Marguerite “Margaret” Craig was killed off Highway 38 at Verda. She is quite possibly our young bride who wears the white satin nightgown she was murdered in, or perhaps she is wearing her recently worn wedding gown. It is no wonder that she appears to men more often than women. For she may be desperately trying to make it back home to her young son, or imaginably searching for her groom.
The identity of Marguerite Craig was uncovered by local researcher Tony Felsoi. He, along with myself, Darla Jackson, began gathering facts and comparing them with the accounts of the legendary ghost. The similarities to the two had an uncanny accuracy that could not be denied. According to Felosi, “The location of the murder, the circumstance in which it occurred, and the fact that the victim was a new bride and wearing white at the time of her death, are details that cannot be ignored. All aspects of this murder parallel this famous Harlan County ghost story.”
Seventy-five years after this tragic murder, Marguerite “Margret” Craig’s name is once again appearing in the Harlan Enterprise. After decades of being called “The Lady In White,” her true name may finally have been revealed. Although it is without certainty that she is truly the infamous “Lady In White,” no other crime or victim match with such accuracy. It seems that the earliest sighting on record happened in the fall of 1946, only months after her death. Until a better candidate is uncovered, Marguerite Craig will be attributed to the hauntings on Kentucky Highway 38, and for now, she claims the infamous title of, “The Lady In White.”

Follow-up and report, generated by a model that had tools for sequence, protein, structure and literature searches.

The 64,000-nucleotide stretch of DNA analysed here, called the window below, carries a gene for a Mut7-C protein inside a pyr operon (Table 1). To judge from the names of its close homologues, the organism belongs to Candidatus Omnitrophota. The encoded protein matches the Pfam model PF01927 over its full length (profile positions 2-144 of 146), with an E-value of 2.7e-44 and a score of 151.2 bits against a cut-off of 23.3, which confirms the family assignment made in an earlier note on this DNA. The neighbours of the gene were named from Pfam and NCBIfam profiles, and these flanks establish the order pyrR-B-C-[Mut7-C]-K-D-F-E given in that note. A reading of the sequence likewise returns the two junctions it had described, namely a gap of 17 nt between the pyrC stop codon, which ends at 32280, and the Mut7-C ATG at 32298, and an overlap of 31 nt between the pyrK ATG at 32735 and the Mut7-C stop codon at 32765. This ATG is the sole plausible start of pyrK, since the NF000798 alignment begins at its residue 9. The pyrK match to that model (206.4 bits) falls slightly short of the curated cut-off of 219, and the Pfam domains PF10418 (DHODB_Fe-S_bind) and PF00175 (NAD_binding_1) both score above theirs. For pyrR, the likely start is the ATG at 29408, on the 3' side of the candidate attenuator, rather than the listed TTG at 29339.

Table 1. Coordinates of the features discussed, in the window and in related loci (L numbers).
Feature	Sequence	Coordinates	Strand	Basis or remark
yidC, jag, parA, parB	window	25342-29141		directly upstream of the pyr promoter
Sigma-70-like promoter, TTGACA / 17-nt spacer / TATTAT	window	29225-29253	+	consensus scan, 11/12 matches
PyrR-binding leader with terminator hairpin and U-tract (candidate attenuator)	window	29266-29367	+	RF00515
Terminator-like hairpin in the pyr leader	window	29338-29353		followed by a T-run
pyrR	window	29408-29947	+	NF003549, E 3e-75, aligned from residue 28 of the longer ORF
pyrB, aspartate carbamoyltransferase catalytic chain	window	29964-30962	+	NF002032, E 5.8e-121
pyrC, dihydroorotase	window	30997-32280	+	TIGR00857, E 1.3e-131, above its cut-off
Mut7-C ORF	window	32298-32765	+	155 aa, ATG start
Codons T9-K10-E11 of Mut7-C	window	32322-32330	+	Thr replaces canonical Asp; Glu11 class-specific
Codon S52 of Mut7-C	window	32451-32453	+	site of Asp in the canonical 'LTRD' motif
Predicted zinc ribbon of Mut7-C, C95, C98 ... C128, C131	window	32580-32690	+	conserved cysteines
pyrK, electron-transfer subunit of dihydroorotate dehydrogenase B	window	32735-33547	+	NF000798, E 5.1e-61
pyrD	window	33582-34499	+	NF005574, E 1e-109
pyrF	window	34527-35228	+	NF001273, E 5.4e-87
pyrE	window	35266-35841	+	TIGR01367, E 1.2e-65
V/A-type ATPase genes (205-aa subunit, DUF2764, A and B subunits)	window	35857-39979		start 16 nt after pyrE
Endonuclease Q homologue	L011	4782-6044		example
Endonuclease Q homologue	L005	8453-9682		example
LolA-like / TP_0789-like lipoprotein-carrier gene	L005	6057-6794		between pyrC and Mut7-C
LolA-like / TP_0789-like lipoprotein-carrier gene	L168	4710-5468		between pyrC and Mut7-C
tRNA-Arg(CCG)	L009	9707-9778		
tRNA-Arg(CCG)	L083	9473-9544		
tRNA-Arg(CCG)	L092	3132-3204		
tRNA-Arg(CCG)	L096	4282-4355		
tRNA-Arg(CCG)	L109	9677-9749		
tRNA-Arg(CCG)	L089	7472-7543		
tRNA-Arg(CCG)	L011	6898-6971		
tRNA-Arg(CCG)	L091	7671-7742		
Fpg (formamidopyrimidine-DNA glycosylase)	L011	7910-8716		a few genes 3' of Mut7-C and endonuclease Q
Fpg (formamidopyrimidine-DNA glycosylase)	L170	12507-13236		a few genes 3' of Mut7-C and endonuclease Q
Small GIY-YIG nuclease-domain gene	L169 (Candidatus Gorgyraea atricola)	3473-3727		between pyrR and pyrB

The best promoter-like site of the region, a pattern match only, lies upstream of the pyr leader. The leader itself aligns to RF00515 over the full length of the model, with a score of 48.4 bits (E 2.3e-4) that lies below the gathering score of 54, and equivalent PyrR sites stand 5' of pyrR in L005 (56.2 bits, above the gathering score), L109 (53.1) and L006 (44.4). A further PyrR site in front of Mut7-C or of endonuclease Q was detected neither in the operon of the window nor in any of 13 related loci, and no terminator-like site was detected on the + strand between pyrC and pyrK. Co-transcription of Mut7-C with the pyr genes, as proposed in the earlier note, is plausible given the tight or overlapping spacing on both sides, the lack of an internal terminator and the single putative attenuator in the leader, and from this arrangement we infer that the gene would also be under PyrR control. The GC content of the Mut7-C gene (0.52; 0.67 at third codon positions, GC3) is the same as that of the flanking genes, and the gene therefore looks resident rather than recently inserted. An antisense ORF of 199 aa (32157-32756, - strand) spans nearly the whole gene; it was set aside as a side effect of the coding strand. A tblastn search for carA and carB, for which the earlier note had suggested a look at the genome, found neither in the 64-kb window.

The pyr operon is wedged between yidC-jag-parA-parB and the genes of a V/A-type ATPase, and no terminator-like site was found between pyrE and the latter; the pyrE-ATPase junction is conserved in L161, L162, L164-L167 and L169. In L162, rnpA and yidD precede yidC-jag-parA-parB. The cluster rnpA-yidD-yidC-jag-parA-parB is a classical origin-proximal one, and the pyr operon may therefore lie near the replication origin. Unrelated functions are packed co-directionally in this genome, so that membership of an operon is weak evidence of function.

Six-week bride killed with ax
Harlan, Ky., June 17 (AP)–Sheriff J. S. Cawood said a Verda coal miner was being sought today in connection with the ax slaying of his wife, Mrs. Marguerite Craig Gilbert, 20. Marguerite who was married about six weeks ago, died in Harlan Hospital early today several hours after her face was crushed with an ax, the sheriff reported. Cawood said a neighbor was attracted to their four room home last night by the cry of her 4 year old son by a former marriage: “You’ve killed my mother.” The victim was found on the floor near a bed which appeared as if it had been slept in. The blood stained ax was found on the floor.